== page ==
Škoda Enyaq Coupé iV heading for the stars

When photographing the Orionid meteor shower, Czech astrophotographer Petr Horálek was helped by his electric Enyaq Coupé iV. Find out what this kind of photography involves and how his electric car helped him.

9. 12. 2022

Petr Horálek has spent much of his life photographing the beauty of the night sky, and sometimes it is a long and demanding job. His image of the Orionid meteor shower, for example, took seven years to create, during which time Petr went to remote places where the sky is not affected by light smog. And on one of these trips, a Škoda Enyaq Coupé iV served as his “expedition” car.

“I have specific requirements for a car, and the Enyaq Coupé iV definitely satisfies them,” says Petr, explaining why he welcomed the opportunity to try out a Škoda electric car in his work. “It has to have a good range – sometimes I drive hundreds of kilometres when I’m out shooting at night. It also has to be spacious, not only to take all my equipment, but also so that I can take a comfortable nap. I often go to places, for example in the Slovak mountains, where there are bears and I don’t really want to sleep outside in a sleeping bag. Not to mention how practical four-wheel drive was for work in the field,” the astrophotographer explains

The Enyaq Coupé iV’s panoramic glass roof also impressed him. “It may dim the starlight a bit, but it gives me a good idea of what my cameras set up outside around the car can see,” Petr says. And he likes the details, too; the car offers plenty of options for charging all the tech, and Peter appreciates the Virtual Pedal gadget, which can be used to open the boot hands-free. “When I’m weighed down with equipment, that’s a wonderful thing,” he smiles.

The sunroof lets you get an idea what the cameras set up around the car can see.

As someone who often ventures into the wild and has a close affinity for it, he is naturally also delighted that the Enyaq Coupé iV is an electric vehicle. “In addition to its emission-free operation, it’s nice to have a silent drive that doesn’t disturb the wildlife unnecessarily. This could help me in situations where I want to photograph animals together with the sky,” Petr considers. His speciality is photos that are not just of the night sky itself, but where the landscape and people or animals in it play a significant role. The turning point in his photography career was a picture he took in New Zealand in 2014, which was selected by NASA as the Astronomy Picture of the Day. Since then, he has received this accolade more than thirty times; most recently, just for the image of the Orionid swarm.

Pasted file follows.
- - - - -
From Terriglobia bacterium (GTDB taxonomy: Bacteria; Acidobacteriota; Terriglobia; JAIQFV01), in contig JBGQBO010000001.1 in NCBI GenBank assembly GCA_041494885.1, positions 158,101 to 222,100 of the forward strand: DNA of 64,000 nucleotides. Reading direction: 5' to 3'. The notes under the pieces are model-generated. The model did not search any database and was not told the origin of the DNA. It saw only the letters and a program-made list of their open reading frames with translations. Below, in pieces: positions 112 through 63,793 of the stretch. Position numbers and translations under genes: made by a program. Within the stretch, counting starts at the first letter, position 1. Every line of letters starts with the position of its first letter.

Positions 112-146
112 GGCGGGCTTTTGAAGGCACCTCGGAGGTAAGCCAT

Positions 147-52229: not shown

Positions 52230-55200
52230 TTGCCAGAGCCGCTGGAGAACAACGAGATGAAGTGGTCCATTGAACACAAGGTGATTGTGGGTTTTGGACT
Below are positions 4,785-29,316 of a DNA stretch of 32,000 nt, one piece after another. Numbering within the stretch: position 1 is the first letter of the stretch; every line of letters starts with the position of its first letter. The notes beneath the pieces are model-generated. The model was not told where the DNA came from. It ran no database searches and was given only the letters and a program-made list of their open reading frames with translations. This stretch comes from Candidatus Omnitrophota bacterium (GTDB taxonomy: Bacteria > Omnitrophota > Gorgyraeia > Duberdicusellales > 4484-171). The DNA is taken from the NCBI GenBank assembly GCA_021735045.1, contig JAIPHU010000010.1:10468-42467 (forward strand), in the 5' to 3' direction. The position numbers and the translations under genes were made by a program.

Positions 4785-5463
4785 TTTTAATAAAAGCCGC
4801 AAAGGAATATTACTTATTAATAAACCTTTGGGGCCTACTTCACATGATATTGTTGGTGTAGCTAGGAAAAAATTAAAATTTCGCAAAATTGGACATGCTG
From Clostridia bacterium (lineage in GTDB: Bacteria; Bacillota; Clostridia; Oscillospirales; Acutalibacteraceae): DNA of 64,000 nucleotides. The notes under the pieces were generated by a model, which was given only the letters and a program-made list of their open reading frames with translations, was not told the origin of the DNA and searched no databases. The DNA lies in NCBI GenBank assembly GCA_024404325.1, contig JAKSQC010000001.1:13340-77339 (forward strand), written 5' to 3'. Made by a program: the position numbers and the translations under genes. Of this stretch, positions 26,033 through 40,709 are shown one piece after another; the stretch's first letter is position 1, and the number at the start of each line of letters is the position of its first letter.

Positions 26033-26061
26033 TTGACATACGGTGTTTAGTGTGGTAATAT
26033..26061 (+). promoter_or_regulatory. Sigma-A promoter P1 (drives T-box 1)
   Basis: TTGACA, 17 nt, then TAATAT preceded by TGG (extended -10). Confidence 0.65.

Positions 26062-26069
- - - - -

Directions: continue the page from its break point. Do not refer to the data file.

The photo that Petr Horálek shot in New Zealand in 2004 and first brought him to NASA’s attention.

Seven years’ work

As well as the image’s beauty, NASA honoured the effort that went into it. Petr spent seven years working on it, on and off. “Orionids are remnants of the famous Halley’s Comet, which won’t return until July 2061, but this meteor shower around October 21 is an annual reminder of the comet. It’s not half as visible as the better-known Perseids – only around five meteors per hour appear in the sky at our country’s latitude. And my only window for taking pictures is a few days around the maximum. Everything depends on the weather, and clear skies can be a problem in October,” Petr says, explaining why the image took so long to create.

Waiting for the right moment

What’s interesting is that the photographs don’t all come from one place. The reason for this is the varying weather situation during those seven years, which made it necessary for Petr to keep moving. “The resulting photograph is a collage of a whole series of time-lapse images of the night sky from several places in Czechia and Slovakia, plus a panoramic image of the landscape, which in this case is the Prešov volcanic hills region. I took the landscape photograph at the time of the Orionid maximum in October of the pandemic year 2020,” Petr lets on. The resulting image shows 47 meteors in total, as well as a clear image of Mars.